In this issue:
Saturday, July 18, 1868
In the pre-dawn quiet, three Shoshone boys slid from their ponies. They stood together, facing east, a row of cottonwood trees behind them. As the sun glided upward, each boy offered a pinch of tobacco to bless the new day and their hunt. Their untethered ponies pawed the ground, by the trees, waiting impatiently to ride for buffalo.
Still a year away from their initiation as warriors, the boys had slipped out of camp in secret, eager to prove their value to the tribe. It was a dry summer with meager prospects for food and the boys were determined to return to the village that night, each with a buffalo to present… more
Connie Taylor, licensed family counselor, wanted to tell her 10 o’clock – a pretty young mother named Kath Wilkes who was having an affair with her wealthy boss – to go for it.
Every now and then an overwhelming desire to just get real would creep into Connie’s consciousness while she was listening to a client over the ever present drone of the white noise machine in the waiting room.
Then it was all she could do not to say to Mrs. Atkins, who spent 24/7 caring for her son, comatose for 7 years since a diving accident, that drugs and alcohol were a perfectly reasonable way to cope with the miserable demands of her life, or to tell Condi Alvarez that holding a pillow over the face of her abusive husband Butch when he was passed out drunk was really a pretty freaking good idea… more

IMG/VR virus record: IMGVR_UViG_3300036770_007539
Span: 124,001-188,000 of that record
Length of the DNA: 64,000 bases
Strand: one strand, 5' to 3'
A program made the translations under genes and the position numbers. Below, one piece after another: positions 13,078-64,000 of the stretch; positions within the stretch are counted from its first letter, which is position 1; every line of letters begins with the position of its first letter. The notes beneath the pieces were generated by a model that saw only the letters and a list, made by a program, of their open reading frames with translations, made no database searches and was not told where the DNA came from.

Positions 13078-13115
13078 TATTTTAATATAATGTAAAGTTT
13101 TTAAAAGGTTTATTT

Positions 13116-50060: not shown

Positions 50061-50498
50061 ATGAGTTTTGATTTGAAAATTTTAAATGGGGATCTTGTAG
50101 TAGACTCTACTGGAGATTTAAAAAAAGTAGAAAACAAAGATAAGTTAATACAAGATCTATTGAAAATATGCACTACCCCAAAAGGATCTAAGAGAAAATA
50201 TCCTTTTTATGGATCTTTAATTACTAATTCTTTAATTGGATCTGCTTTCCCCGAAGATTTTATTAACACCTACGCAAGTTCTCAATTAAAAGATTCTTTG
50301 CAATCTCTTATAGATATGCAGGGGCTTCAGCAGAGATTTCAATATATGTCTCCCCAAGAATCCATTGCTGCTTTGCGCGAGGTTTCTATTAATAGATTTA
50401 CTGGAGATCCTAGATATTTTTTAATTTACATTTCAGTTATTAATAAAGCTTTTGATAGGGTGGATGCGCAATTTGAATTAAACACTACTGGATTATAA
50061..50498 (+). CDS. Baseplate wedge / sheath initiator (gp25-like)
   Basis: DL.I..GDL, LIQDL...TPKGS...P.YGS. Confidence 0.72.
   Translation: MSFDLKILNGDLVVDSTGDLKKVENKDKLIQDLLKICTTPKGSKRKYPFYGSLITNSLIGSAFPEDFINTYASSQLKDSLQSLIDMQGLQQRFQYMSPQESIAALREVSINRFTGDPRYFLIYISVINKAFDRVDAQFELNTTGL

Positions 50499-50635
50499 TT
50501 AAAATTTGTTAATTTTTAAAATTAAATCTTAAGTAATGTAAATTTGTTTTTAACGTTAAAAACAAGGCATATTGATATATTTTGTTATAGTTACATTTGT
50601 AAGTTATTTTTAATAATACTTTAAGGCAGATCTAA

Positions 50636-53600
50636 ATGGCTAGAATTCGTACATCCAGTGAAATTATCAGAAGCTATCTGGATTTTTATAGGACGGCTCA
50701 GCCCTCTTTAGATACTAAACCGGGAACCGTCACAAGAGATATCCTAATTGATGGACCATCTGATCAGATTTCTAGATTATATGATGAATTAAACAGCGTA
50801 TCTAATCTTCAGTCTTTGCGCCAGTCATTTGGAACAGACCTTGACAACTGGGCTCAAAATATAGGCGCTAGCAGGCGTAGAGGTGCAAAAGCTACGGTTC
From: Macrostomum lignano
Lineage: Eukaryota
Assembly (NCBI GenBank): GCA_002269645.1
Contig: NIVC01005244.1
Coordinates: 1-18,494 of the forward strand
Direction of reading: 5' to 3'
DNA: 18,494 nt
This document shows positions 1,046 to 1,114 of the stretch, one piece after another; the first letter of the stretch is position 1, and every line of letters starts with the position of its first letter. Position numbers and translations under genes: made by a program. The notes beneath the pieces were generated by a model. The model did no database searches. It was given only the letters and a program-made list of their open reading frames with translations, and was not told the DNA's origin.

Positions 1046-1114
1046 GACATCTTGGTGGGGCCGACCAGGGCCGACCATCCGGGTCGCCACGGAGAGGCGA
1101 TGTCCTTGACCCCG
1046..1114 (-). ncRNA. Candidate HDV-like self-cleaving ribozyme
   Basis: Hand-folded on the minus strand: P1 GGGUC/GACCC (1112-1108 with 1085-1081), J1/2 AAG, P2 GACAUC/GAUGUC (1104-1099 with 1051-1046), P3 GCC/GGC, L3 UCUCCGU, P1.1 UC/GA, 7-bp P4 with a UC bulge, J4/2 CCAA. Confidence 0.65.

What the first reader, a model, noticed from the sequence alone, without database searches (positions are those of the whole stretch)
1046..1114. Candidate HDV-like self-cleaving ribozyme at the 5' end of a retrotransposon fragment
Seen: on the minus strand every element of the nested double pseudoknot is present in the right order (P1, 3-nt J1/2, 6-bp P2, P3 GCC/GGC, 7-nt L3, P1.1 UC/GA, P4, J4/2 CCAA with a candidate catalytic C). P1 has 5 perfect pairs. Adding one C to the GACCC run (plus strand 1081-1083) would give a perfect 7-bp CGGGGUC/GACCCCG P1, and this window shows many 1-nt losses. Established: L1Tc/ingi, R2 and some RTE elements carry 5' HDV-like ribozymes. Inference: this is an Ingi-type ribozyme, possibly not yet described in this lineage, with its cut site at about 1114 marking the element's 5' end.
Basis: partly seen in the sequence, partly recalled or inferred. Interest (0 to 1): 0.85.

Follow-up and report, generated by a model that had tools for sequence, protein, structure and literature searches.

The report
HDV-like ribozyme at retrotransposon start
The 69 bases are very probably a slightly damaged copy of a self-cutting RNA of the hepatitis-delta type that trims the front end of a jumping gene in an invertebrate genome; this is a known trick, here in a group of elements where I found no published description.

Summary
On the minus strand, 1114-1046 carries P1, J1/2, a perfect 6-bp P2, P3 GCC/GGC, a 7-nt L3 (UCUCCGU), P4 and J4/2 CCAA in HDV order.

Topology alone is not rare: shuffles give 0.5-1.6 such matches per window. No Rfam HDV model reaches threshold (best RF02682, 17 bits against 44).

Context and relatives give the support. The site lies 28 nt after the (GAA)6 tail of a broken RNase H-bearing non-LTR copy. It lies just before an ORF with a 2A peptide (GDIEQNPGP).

An SUV and a pickup truck had jousted with each other on a lightless section of Route One. The pickup won. By the time I got there the drivers and passengers had been carted off to two local hospitals. The emergency rooms always seemed to share the wealth on victims.
I filed the story and pictures from my lap top, basking in the smeared Christmas lighting of the fire engine and the cop cars. I had one more stop to make. My Civic, all 127,000 miles of her, groaned as I added 20mph to the speed limit. The local cops would occasionally hit the lights and start to chase me, but would turn off once they recognized my beater. We had an understanding.
Intersecting car lights threw my reflected face up onto the windshield. Worry lines that had splintered into wrinkles. Unsmiling. The resigned expression of someone gambling alone in a casino… more